Java 8 introduces CompletableFuture, a new implementation of Future that is composable (includes a bunch of thenXxx methods). I'd like to use this exclusively, but many of the libraries I want to use return only non-composable Future instances.

Is there a way to wrap up a returned Future instances inside of a CompleteableFuture so that I can compose it?

7 Answers 7


If the library you want to use also offers a callback style method in addition to the Future style, you can provide it a handler that completes the CompletableFuture without any extra thread blocking. Like so:

    AsynchronousFileChannel open = AsynchronousFileChannel.open(Paths.get("/some/file"));
    // ... 
    CompletableFuture<ByteBuffer> completableFuture = new CompletableFuture<ByteBuffer>();
    open.read(buffer, position, null, new CompletionHandler<Integer, Void>() {
        public void completed(Integer result, Void attachment) {

        public void failed(Throwable exc, Void attachment) {

Without the callback the only other way I see solving this is to use a polling loop that puts all your Future.isDone() checks on a single thread and then invoking complete whenever a Future is gettable.

  • 1
    I am using Apache Http async library which accepts FutureCallback. It made my life easy :) Aug 22, 2017 at 19:10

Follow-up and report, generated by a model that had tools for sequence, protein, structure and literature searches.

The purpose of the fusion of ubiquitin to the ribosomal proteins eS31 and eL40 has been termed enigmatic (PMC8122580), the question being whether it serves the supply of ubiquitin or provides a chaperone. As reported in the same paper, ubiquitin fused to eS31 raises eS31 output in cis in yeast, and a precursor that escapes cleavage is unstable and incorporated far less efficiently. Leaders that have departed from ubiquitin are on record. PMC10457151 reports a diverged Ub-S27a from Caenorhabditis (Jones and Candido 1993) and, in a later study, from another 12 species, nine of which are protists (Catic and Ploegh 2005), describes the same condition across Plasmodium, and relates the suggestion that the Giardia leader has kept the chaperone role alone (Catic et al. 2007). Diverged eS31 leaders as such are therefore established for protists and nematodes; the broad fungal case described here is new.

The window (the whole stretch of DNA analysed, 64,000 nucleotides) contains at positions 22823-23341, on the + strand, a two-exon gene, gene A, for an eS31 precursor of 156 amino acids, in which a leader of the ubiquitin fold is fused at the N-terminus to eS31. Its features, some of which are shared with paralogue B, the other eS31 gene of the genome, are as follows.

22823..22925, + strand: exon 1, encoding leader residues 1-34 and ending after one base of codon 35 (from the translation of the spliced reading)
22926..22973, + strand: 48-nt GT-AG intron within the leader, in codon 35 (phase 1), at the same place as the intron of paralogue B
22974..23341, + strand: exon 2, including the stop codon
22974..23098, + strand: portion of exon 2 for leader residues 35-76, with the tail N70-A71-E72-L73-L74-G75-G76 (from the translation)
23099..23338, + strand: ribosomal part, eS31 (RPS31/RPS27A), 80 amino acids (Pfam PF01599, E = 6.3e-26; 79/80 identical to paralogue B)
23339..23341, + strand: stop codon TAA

There is a way, but you won't like it. The following method transforms a Future<T> into a CompletableFuture<T>:

public static <T> CompletableFuture<T> makeCompletableFuture(Future<T> future) {
  if (future.isDone())
    return transformDoneFuture(future);
  return CompletableFuture.supplyAsync(() -> {
    try {
      if (!future.isDone())
      return future.get();
    } catch (ExecutionException e) {
      throw new RuntimeException(e);
    } catch (InterruptedException e) {
      // Normally, this should never happen inside ForkJoinPool
      // Add the following statement if the future doesn't have side effects
      // future.cancel(true);
      throw new RuntimeException(e);

private static <T> CompletableFuture<T> transformDoneFuture(Future<T> future) {
  CompletableFuture<T> cf = new CompletableFuture<>();
  T result;
  try {
    result = future.get();
  } catch (Throwable ex) {
    return cf;
  return cf;

private static void awaitFutureIsDoneInForkJoinPool(Future<?> future)
    throws InterruptedException {
  ForkJoinPool.managedBlock(new ForkJoinPool.ManagedBlocker() {
    @Override public boolean block() throws InterruptedException {
      try {
      } catch (ExecutionException e) {
        throw new RuntimeException(e);
      return true;
    @Override public boolean isReleasable() {
      return future.isDone();

Obviously, the problem with this approach is, that for each Future, a thread will be blocked to wait for the result of the Future--contradicting the idea of futures. In some cases, it might be possible to do better. However, in general, there is no solution without actively wait for the result of the Future.

  • 1
    Ha, that's exactly what I wrote before thinking that there must be a better way. But, I guess not Apr 25, 2014 at 20:24
  • 15
    Hmmm... doesn't this solution eat one of the threads of the "common pool", just for waiting? Those "common pool" threads should never block... hmmmm...
    – Peti
    Dec 3, 2015 at 13:16
  • 1